So you wait in the line of about forty people, and thirty minutes later you reach the front of the line, and try to buy your passes. Of course it's cash only. People line up here to buy month passes that cost a hundred bucks. Why would they take credit card? Just sigh, fish for cash, hope you have it, and pay. Then notice that the only way to get the transit route map is buying it for three bucks. Sigh at this, and ask to buy a map.

Of course, the booth man refuses to sell it and points you to a magazine that is said to have routes in it. By the time you sigh, get that map, and see that it has some routes, but only for the tourist area, and doesn't cover anything else in the city you notice that the line you were in has grown – and you are not prepared to get back in it. Why was the map refused to be sold to you? Could it be San Francisco hates you, and it trying to keep you ignorant of the Twin Peaks area, and everything else that side of Market Street? I think so.

Metro pass in hand, I lined up for the cable car. In a big line. This may be a tourist route that at times you can walk faster then, but it does cover some good stretches of road over hills you would not want to climb – because you are lazy. And right you should be. Because the hills? Very steep. Why anyone would choose to settle and build a city here is beyond me (aside from, you know, the fantastic water access to everything, and the importance that would have played in all sorts of shipping routes) So you wait for three or four cars so the line lessens. And then it's your time to jump on the car. One block later, you see the locals as they hop straight on. Lesson? Don't wait at the first stop, but rather any other one.

And also – when you've had a delicious burger at some random fast food location of your choice, be sure to have a pocket full of change. While every city in the world has Burger King as the one free bathroom in any city, here – as with all other such places – the fast food washrooms are run by quarters. And still the sign says “customers only.” I would suggest that anyone paying the quarter for the washroom has just become a customer of your establishment.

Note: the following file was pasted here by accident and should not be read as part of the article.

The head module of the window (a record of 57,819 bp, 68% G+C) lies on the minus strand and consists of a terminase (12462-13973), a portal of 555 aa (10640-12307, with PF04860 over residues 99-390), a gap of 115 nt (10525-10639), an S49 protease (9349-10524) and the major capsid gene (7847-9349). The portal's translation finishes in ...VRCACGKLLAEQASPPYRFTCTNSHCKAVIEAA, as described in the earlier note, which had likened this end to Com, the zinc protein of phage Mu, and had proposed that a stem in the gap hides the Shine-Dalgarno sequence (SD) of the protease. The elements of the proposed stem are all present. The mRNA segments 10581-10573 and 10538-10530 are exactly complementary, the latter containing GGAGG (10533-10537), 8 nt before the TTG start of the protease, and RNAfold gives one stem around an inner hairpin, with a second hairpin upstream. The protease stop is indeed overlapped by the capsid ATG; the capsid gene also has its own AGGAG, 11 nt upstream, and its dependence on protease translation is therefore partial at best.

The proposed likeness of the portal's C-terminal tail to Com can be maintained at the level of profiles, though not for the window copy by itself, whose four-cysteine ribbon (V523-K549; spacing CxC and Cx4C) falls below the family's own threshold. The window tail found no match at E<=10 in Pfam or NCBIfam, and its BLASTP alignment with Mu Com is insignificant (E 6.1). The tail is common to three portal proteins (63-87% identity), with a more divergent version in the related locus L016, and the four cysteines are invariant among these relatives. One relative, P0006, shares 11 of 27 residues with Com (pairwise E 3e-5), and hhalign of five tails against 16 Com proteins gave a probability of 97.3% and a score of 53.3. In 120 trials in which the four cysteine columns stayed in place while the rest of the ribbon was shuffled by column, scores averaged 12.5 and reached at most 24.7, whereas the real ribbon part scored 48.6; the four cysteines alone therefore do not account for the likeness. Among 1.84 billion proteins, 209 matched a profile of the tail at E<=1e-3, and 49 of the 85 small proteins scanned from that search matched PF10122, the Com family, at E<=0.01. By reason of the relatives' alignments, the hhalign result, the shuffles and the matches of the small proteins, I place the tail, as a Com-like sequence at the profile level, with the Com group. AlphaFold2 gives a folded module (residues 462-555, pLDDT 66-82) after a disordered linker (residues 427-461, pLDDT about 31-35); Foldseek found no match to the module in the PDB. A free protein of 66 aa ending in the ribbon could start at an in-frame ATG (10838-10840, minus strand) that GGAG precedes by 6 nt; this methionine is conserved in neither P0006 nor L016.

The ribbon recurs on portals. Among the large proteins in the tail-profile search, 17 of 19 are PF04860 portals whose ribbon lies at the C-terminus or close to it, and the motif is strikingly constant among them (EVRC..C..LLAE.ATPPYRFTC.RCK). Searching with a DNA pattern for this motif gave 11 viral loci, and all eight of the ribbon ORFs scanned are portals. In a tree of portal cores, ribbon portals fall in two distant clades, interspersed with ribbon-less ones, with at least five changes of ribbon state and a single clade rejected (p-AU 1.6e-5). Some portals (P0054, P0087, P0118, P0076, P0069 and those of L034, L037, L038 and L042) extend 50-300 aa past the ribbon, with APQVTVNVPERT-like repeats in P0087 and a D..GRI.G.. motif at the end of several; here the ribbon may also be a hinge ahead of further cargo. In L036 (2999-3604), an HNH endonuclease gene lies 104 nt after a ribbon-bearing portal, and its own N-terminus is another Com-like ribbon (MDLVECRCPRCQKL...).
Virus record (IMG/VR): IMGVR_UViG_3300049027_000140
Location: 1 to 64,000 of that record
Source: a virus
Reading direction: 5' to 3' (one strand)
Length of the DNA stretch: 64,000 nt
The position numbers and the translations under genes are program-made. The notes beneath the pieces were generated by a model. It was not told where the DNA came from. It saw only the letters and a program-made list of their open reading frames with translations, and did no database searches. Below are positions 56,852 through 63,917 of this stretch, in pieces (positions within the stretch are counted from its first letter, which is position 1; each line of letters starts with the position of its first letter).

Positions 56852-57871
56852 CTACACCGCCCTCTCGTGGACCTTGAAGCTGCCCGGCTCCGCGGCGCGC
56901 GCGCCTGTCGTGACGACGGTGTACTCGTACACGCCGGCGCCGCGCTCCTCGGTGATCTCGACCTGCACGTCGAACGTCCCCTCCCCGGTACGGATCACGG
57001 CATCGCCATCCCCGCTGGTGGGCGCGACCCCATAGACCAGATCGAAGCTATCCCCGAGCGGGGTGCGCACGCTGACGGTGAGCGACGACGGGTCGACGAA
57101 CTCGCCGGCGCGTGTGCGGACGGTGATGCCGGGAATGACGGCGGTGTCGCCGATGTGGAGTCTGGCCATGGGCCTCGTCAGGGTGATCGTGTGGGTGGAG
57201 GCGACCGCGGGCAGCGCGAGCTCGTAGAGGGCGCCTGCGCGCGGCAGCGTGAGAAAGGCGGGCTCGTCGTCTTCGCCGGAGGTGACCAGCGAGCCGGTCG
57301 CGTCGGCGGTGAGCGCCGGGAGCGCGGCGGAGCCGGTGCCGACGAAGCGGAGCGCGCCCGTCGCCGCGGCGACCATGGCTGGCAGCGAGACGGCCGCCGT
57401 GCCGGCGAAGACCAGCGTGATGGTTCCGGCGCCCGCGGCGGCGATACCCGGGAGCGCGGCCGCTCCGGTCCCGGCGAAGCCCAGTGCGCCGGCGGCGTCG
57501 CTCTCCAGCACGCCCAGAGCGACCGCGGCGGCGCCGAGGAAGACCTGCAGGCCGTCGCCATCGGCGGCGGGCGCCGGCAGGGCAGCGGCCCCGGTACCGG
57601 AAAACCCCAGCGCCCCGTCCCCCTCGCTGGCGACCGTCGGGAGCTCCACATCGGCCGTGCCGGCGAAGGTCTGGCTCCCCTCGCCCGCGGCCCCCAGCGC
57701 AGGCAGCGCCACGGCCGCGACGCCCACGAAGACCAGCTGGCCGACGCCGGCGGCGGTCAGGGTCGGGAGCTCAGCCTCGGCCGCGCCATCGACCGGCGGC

My suspicion? This keeps out the homeless, or redirects them elsewhere. But still – there are other techniques, such as the McDonald's in Europe concept where they put a bathroom code on the receipt. Sure it's ridiculous too – but hey, at least if you pay for food, you can use the toilet. San Francisco!

So, no time for such fast food places. Instead we headed on out to something classy, something that says, “hey, I haven't seen you in three months,” a place for only the most elegant: The Rainforest Cafe.

If your restaurant doesn't have thunderstorms every half hour (allowing you to clock how long you've been there), screaming gorillas, trumpeting elephants, Atlas – for no reason, and a person dressed in a frog costume to take pictures with... well then you're doing something wrong.

After a forty minute wait we were told that our adventure was about to begin. Near the beginning of our adventure, our Safari Guide Kevin introduced us to the various menu options. He ingratiated himself to us with his first comment: We have some promotional items, there's the seafood platter – pointing to an image taking up the entire front page – it's not good. I wouldn't order it.

Fantastic! It's also important to know that he does not talk. He yells. Every word is said at thrice the volume it should be. I also appreciate this as he talks as I do, when I try to be the entertainer. So once more, he has won.

Four minutes after placing our order (ribs for me, chicken sandwich for Kath) our food came out. I was shocked. Well my ribs came out, and Kath's fries came out. Her sandwich was yet to be seen – still – shocked! But not as socked as Safari-Kevin was when he came by. His eyes bulged, and he asked if the sandwich had come out? No. He withdrew to the kitchen.

Where he stayed. For the next ten minutes.

I imagine it went something like this:
“Guys, you delivered the ribs to the wrong table! The wrong table! I need a rush order on the chicken sandwich! They're sitting right by the door. I can't go back out there! WHERE'S MY RUSH ON THE CHICKEN?!”

But this screaming went on for ten minutes. We saw the entire staff of the restaurant go in, and come out, before he returned – all smiles – with the food.